Solo exhibition by Zheng Jianchang
Words by Hsieh Chi-Chang
Open: May 8 2015 to June 27 2015
Location: 102 Art, Tainan
A notable feature in the history of the arts in Taiwan is that after the lifting of martial law, those artists who had experienced it entered a period where their focus was on critical examination of authority, their art part of a wider post-modernist movement. We see this among both Taiwanese locals and those who arrived after 1949. Directly or indirectly, they found ways to express suspicion and anger towards power. Zheng Jianchang is one of these artists. He and a few art-loving friends founded ‘Taipei New Art Consortium’, and they used the urban backdrop as material, attempting to capture the connection between people and city.
In 1983, in order to put down roots, and to gain some distance from the overwhelming influence at the time of western art, Zheng decided to return to his home county, Jiayi. After his experience of urban life in Taipei, he finally found meaning in the land and soil and history of his home patch. And it was there that he gradually established a mode of thinking for his future work, namely ‘Documenting Creation’. This allowed him to think deeply about Taiwan, reconsidering his past experience of Martial Law, an experience that came to help him treasure and value his birthplace.
Taking the role of observer is a necessary element of Zheng’s work. While acting as observer, he re-discovers himself. He self-reflects, seeking to explore meaning in life. He seeks to find joy in being alone in this place. At the same time he is conscious of a certain feedback in his work from daily activities, and from the objects that he observes, in which he finds his own reality.
Over the years, ‘Documenting Creation’ shows Zheng’s growing ability in self-reflection. At the same time, he was experiencing a horror that people, culture and land were disappearing. In ‘Documenting Creation’ we see again and again his journey of the heart in recording the death and rebirth of parts of Taiwan, calling people to pay attention to processes of decay and to urge them participate in rescue and renewal. His works have similarities to Hayao Miyazaki’s manga creations, which are full of breath-taking and heart-touching scenes. The visual language of his work is so rich and imaginative; yet at the same time there is evidence of deep thought, a demonstration of his thinking on reality and problems in society.
Zheng has devoted his life to this land and its human landscape. His paintings record his silent and faithful observations of the environments, land, people and culture. He also contributes his thoughts on important issues facing society. His concerns for Taiwan’s land and people will become more and more apparent as time passes. We are looking forward to seeing Zheng’s ‘Documenting Creation’.
This exhibition, entitled ‘Murmullo – Myriam and Hsieh Chi-Chang Joint Exhibition’ presents the art of Spanish artist Myriam Catala Soler and her husband Hsieh Chi-Chang, who studied in Spain for some years. The exhibition is scheduled to run from 10th January to 26th February at 102 Art in Tainan. There will be an opening tea reception at 2.30pm on Saturday, 10th January, and all are welcome.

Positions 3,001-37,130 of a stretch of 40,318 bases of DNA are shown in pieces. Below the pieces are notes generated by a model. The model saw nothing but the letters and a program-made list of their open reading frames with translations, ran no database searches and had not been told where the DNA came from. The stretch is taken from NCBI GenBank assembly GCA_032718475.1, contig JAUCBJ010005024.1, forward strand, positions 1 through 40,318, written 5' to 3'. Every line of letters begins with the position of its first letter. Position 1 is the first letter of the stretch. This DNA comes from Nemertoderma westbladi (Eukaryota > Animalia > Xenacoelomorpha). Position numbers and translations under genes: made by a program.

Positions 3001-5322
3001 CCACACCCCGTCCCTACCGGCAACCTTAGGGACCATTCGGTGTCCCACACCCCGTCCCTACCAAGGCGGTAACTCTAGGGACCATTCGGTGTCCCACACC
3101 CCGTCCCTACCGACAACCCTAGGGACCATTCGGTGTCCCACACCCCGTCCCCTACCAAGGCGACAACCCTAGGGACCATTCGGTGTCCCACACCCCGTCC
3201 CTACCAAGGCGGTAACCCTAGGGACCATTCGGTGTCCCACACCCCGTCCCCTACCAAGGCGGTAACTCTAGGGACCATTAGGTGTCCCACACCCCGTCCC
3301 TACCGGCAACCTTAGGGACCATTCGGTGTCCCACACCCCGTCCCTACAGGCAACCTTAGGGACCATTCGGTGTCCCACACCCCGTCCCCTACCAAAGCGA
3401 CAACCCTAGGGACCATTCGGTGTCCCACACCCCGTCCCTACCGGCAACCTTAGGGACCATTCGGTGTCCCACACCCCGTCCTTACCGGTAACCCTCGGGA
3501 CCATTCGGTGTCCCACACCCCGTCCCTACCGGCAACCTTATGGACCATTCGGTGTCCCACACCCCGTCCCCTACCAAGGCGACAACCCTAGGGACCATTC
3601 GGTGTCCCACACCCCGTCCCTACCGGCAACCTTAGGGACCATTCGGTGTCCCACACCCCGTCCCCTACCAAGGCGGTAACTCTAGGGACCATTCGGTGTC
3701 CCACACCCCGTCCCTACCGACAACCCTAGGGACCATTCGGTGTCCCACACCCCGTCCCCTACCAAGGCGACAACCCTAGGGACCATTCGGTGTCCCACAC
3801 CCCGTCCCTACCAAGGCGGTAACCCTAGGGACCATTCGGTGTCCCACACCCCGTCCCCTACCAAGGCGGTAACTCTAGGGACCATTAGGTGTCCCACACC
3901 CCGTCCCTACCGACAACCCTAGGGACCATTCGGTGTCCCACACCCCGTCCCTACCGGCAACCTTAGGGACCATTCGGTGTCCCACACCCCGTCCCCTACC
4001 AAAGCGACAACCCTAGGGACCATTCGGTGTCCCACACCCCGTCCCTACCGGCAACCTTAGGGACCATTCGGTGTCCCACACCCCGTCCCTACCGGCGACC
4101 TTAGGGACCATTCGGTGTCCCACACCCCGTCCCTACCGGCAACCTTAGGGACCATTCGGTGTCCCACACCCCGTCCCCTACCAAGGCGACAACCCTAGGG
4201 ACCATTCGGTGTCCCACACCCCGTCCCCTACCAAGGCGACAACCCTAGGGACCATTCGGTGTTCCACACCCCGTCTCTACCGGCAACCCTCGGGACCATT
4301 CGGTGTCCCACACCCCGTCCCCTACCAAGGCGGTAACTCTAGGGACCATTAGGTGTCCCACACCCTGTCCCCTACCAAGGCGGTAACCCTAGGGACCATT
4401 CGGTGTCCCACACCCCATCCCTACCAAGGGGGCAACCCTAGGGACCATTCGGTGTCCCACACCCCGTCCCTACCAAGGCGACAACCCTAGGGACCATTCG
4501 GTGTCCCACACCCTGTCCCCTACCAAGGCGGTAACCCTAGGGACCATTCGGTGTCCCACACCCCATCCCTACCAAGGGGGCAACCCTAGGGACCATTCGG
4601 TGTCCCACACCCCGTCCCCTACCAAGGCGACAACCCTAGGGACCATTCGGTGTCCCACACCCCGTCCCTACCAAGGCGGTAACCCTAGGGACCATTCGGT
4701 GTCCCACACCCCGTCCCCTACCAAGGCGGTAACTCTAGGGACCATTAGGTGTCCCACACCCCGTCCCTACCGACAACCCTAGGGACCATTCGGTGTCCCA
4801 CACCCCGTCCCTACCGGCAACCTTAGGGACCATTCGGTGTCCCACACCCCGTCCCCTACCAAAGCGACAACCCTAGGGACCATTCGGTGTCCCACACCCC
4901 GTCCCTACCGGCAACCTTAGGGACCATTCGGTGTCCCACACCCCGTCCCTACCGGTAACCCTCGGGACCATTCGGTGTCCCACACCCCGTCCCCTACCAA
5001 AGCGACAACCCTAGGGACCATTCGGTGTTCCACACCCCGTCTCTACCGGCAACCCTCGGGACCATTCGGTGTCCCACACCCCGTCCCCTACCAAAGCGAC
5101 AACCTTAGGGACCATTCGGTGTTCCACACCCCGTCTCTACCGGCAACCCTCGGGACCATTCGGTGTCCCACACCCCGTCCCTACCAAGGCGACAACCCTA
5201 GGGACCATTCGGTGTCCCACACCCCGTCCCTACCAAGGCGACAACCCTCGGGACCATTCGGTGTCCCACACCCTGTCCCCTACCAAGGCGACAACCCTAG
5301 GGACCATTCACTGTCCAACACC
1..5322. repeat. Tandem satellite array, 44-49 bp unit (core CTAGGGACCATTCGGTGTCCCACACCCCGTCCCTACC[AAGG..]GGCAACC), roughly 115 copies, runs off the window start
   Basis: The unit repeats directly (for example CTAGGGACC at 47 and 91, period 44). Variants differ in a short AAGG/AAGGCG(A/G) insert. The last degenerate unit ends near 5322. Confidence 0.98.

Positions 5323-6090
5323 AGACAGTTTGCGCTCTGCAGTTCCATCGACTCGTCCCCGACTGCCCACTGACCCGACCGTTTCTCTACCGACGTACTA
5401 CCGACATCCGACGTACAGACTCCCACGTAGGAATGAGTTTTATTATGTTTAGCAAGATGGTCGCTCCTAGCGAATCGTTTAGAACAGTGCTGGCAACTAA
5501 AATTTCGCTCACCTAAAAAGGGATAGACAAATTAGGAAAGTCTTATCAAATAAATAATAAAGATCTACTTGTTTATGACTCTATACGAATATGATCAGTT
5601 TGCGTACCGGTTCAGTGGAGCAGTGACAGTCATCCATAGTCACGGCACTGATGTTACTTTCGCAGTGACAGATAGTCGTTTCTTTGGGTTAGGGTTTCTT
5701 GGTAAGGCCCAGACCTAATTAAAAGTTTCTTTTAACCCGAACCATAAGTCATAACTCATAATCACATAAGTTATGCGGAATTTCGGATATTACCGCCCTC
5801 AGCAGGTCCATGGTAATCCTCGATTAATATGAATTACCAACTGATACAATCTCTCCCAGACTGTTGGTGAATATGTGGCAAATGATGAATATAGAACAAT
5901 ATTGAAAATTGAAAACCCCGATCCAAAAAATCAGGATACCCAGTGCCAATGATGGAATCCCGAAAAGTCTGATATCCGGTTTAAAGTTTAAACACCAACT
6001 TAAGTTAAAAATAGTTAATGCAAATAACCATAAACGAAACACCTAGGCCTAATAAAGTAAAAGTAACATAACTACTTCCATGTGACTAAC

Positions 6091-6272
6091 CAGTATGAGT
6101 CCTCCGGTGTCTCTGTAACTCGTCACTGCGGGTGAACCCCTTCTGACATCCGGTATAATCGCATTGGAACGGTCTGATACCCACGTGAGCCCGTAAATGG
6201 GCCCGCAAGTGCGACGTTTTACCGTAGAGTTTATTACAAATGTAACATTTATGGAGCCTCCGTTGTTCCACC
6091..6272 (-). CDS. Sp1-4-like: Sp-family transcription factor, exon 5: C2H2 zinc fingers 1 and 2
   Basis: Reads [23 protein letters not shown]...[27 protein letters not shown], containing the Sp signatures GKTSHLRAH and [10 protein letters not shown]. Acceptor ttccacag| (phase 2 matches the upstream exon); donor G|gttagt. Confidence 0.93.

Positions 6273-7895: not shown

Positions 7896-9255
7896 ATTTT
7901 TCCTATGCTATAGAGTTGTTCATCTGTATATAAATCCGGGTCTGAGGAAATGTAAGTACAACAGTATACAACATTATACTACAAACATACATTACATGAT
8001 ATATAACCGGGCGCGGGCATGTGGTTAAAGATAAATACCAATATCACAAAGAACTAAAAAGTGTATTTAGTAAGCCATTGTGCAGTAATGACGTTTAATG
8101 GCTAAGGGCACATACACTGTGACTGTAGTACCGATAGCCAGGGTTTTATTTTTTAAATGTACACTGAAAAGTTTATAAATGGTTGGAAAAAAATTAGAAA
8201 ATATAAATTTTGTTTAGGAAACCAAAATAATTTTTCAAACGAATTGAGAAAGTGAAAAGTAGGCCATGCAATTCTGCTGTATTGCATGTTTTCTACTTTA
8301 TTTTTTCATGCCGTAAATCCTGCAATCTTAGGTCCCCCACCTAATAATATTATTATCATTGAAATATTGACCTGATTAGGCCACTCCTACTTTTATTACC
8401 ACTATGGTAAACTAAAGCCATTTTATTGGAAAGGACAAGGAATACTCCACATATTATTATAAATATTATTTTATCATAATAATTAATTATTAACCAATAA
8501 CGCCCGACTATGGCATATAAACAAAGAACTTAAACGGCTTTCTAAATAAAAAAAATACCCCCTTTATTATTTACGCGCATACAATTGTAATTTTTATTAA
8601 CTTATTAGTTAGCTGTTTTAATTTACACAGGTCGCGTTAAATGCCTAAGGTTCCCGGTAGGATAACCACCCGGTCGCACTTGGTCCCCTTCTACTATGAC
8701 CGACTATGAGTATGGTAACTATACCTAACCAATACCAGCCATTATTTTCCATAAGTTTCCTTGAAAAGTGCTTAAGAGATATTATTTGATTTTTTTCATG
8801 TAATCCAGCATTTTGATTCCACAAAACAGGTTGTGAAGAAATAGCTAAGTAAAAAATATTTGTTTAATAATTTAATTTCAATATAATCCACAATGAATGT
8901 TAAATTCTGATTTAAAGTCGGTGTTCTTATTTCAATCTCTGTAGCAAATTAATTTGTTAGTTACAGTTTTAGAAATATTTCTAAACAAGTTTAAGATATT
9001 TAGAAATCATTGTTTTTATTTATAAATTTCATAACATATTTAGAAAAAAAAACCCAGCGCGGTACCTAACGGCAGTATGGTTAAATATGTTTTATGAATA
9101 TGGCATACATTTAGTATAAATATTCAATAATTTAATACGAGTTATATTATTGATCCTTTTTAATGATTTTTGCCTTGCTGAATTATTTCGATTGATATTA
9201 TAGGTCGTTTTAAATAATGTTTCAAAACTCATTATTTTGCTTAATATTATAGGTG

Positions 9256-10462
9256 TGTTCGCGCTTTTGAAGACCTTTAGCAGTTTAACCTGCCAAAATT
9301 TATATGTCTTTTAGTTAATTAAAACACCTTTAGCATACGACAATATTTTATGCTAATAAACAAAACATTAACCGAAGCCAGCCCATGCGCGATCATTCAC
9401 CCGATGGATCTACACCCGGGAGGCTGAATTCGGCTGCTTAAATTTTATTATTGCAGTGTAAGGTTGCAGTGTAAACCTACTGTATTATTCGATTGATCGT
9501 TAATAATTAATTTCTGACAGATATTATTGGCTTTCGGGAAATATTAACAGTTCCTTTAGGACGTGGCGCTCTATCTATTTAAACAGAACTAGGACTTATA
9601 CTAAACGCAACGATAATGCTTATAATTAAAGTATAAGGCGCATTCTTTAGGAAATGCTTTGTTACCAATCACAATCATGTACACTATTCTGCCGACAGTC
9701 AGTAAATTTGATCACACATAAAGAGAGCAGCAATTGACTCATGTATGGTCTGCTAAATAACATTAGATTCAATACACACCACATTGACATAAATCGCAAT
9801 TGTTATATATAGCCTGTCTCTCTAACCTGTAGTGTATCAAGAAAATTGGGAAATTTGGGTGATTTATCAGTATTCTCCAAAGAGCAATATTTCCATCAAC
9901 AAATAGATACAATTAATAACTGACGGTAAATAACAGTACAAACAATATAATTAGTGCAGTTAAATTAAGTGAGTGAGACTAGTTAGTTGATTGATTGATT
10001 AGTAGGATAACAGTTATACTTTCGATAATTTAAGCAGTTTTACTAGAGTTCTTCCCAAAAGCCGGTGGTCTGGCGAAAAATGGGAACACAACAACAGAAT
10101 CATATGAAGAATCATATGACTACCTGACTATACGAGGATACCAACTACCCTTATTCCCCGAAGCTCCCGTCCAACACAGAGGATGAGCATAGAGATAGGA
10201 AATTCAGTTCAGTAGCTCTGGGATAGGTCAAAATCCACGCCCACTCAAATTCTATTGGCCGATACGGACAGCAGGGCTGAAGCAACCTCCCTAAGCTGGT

In this exhibition, Myriam will display her works which much exhibit a particularly Spanish style of artistic expression; at the same time, Hsieh Chi-Chang will demonstrate his own style, which was transformed after studying in Spain. Together, their works demonstrate a perfect combination of East and West. The works also illustrate use of different forms and techniques in search for their own inner worlds and imaginary totems.
Myriam coincidently discovered that for her, clay is like a wonderful magic which allows her to go deep inside and create forms from her dreams in three dimension expression. Although her manuscripts and sketches are created without constraints, they also serve as mental maps, bringing out the variety of her three dimension works. The works in this exhibition illustrate her practice of inward-looking contemplation of the external world. She is in search for human relationships in order to understand the internal connections between herself and others. Myriam’s works all start from her imagination, and come from the bottom of her heart. Through her hands and eyes, her work communicates interaction and transformation between external and internal worlds.
Hsieh Chi-Chang’s works tells of his experience of transformation after spending years abroad. Based on the graffiti he drew and the simple notes he produced on his travels, he confronted and uncovered hidden impressions in his mind, and went on to enquire into the connections between abstract shapes and mind through repeatedly transforming, co-presenting and overlaying materials in his art. Some works in this series were put away for a while and picked up for completion from several months to a year later. In the process, some of them were completed, then destroyed, and re-built. In the end, memory and sub-consciousness become the origin and source for the artist’s creation.
Through both Myriam’s and Hsieh’s work, an artistic philosophy is demonstrated: coherence and interaction between ‘object and self’, ‘internal and external world’, and finally ‘spirit and material’.